Meanwhile, he sat out there in that big green car oblivious to the tales they were telling about him. But the longer it went on, the surer I got. I knew he was looking for me. My past, the one that I hadn’t even told Gerry about, had finally come to find me. I’d never thought it would. Well, I say never but I used to expect it every day. Then when nothing happened, I pushed it to the back of my mind. Figured that was that and it was over and done with. I never expected it now, after all these years. 

I didn’t say anything to Vera and Petra about it. Maybe if I just carried on as normal, he’d go away. I mean he’d been turning up for months but never taking the next step and coming to confront me. Maybe he never would. But I started to get paranoid. Even when the car wasn’t there I kept thinking I could feel his eyes following me around. Every time I went near a window, I felt watched. When I went for my morning walk to get the paper I kept spinning round as if I thought I’d catch him right behind me. But there was never anybody there.

He only came in the evening. Always arrived around six o’clock. Sat and chain smoked in the dark. He was always still there when I went to bed and always gone when I got up in the morning. One night I tried to stay up to see what time he left. But I nodded off in the chair and woke up with a terrible stiff neck that took days to get better. It was starting to drive me mad. I was going to have to go out there. 

In the end though it was Petra that did. She went right up to the car and knocked on the window and he completely ignored her. Vera and I couldn’t believe our eyes. He just acted like she wasn’t there at all until she gave up and came back inside. 

But the next day he came to the door. Petra answered while Vera and I listened from the kitchen.

He cleared his throat twice then said: ‘I want to speak to Iris Marie Allerton.’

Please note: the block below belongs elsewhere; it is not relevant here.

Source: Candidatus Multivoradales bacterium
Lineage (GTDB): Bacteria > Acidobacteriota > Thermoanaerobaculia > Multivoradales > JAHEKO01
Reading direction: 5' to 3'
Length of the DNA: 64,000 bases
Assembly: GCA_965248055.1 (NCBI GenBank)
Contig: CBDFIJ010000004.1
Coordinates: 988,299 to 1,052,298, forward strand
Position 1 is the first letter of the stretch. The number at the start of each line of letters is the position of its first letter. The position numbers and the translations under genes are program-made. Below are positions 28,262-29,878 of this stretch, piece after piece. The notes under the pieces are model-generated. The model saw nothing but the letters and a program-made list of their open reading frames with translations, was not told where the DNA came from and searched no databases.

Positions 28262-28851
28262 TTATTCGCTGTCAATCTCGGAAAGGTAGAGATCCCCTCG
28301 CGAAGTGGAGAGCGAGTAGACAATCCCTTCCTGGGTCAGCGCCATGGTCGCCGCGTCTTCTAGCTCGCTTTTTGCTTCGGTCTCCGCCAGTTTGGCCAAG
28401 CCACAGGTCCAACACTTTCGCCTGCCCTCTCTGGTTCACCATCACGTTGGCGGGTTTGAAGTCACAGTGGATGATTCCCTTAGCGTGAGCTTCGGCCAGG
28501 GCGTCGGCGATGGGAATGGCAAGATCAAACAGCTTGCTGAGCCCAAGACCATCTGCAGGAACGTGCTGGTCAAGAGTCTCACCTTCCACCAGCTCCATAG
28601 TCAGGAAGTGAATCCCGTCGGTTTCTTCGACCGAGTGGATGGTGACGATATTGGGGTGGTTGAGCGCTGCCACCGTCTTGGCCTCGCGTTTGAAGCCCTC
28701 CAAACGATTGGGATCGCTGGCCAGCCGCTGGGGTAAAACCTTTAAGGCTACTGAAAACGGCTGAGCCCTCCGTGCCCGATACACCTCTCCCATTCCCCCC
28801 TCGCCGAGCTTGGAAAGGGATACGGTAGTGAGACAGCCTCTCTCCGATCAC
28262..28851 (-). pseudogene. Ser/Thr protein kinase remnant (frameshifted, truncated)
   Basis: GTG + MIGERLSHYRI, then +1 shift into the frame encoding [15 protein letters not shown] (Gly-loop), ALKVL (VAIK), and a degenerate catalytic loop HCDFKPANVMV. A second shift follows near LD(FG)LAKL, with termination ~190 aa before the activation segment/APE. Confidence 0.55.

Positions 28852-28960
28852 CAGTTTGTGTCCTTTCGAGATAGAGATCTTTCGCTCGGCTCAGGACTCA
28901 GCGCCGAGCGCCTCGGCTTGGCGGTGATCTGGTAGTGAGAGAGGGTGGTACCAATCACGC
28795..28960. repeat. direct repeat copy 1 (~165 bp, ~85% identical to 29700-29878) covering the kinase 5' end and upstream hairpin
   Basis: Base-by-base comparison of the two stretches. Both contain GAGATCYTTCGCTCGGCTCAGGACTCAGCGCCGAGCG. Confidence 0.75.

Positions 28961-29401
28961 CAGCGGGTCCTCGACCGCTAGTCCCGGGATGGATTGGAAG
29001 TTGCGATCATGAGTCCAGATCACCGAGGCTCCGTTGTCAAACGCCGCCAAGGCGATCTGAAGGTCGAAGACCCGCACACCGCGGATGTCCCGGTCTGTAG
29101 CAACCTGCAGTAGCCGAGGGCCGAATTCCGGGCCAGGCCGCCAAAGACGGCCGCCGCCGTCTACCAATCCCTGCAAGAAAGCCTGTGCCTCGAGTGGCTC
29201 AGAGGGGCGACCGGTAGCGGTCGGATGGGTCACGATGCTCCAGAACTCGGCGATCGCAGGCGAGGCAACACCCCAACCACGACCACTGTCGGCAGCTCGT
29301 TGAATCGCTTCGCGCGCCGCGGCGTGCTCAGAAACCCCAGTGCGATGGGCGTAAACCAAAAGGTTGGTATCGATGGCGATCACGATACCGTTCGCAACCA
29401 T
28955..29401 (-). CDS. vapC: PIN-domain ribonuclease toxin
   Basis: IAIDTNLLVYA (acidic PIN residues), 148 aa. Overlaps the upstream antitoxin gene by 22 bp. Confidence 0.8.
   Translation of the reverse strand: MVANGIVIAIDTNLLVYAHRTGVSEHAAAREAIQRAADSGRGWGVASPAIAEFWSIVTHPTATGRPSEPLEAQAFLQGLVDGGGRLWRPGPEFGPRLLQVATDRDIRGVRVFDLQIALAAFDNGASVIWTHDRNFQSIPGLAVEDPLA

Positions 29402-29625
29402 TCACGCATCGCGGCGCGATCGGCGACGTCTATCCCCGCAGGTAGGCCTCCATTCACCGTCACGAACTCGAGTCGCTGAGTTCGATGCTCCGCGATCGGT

My full name. Maiden name. It was him.

‘Who are you, what do you want?’ Petra said.

But I came up behind her and pulled the door wider. ‘It’s okay, Petra. He’s looking for me.’

He stepped forwards and smiled. Tears welled in his big brown eyes that were identical to mine. He reached out, took my hand and I gasped as we touched for the first time in fifty-five very long years. 

Amanda Saint is a novelist and short story writer. She founded and runs Retreat West, providing creative writing competitions and courses, and in 2017 launched Retreat West Books indie press. Her debut novel, As If I Were A River, was a NetGalley Top 10 Book of the Month and a Book Magnet Blog Top 20 Book of 2016. Her new novel, Remember Tomorrow, is coming in 2019. Her short stories have been widely published and been long and shortlisted for, and won, various prizes. You can find her here - @saintlywriter

Marcelo Del Pozo  has covered a multitude of national and international events for Reuters. In the field of sports, he has covered four Olympic Games (Athens 2004, Beijing 2008, London 2012, Rio 2016), in addition to the soccer world cups of South Africa 2010 and Brazil 2014. In Spain he has provided extensive coverage of the economic crisis with both financial and human reportage, as well as scores of coverage and exhibitions on culture, social issues and festivals in Andalusia. See more of his work and follow him here - @marcelo.del.pozo